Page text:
Top positive review
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The affair between man, woman and the divine
on 9 January 2010
Like another reviewer, this is my favourite of Greene's books, and one I reread every 5 years or so.
The familiar Greene territory is all here - betrayal, guilt, responsibility, sin and redemption, and the uneasy, unwilling nature of faith, belief and spiritual identity
Unlike the works which are set in foreign or exotic locations, this book is set in a more pedestrian territory, blitz torn London, and whilst 'the affair' of the book is ostensibly one that happens between a man and a woman, the underneath or overriding affair or relationship is that between a man/woman and his or her understanding of God.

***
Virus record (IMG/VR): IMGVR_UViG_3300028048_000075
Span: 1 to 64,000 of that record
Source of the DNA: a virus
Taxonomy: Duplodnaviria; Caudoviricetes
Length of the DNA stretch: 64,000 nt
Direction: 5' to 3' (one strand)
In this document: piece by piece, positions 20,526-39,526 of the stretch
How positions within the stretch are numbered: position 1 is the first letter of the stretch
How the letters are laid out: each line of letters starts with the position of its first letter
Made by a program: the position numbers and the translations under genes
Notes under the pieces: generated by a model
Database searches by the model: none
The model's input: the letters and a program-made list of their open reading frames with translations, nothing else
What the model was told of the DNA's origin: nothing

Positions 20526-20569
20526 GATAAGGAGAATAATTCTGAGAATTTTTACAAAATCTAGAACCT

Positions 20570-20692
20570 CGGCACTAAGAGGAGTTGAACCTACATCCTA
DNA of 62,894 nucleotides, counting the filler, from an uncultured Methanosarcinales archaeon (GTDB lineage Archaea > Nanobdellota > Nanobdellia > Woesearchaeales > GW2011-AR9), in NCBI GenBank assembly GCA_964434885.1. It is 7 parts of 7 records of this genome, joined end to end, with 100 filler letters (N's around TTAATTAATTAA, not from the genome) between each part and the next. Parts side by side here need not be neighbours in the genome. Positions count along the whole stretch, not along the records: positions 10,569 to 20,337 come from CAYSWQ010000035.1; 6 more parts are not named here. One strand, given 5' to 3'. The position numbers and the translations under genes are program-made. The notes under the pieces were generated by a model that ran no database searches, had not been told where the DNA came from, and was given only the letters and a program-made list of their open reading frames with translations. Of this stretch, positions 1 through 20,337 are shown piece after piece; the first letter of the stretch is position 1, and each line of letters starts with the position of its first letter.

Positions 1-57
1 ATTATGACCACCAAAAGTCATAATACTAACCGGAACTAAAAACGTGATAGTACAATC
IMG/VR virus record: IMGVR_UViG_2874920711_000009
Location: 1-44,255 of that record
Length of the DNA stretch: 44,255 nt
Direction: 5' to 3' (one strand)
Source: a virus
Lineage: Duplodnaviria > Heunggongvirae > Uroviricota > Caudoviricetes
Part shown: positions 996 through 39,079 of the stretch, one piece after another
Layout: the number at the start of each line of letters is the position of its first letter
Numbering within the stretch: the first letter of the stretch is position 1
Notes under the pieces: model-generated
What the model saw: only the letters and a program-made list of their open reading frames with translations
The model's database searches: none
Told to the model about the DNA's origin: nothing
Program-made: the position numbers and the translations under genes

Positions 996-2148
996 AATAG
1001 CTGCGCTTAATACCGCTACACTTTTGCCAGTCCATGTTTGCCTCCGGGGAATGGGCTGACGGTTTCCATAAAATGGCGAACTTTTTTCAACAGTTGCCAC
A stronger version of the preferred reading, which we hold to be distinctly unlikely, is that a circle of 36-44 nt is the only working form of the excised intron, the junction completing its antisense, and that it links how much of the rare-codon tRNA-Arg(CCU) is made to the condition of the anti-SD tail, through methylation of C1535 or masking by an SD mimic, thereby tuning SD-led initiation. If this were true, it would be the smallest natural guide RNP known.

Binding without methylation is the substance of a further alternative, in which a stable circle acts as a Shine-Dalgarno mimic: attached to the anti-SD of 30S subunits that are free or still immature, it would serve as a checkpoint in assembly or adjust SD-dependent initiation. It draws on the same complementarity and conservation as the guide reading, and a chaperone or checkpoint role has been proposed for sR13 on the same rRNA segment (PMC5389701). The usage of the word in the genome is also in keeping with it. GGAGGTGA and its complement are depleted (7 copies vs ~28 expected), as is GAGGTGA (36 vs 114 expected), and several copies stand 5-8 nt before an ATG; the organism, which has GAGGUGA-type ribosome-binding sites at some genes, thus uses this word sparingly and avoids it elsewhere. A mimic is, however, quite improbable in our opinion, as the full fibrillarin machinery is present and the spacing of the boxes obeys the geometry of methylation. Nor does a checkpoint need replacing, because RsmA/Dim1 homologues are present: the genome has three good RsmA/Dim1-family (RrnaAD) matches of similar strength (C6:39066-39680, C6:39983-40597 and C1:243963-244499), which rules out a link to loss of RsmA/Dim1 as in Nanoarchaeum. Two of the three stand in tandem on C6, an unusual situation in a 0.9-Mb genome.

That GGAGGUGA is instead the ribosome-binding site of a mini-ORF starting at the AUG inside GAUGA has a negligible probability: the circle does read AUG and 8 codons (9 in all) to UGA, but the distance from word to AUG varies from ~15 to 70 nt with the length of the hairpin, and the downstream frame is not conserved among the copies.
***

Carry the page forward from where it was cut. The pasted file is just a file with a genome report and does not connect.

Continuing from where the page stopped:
This is a very common theme for Greene, and of course mirrors his own relationship with his faith - never easy, never taken for granted, always a sense of the soul wrangling with an accommodation with Divinity.
This is a wonderful and often bleak book, and, with a female as well as a male central character, and the relationship between the sexes as pivotal, it may speak to anyone who has ever fallen in love and found themselves caught in a minefield of conflicting loyalties, secrecy and deception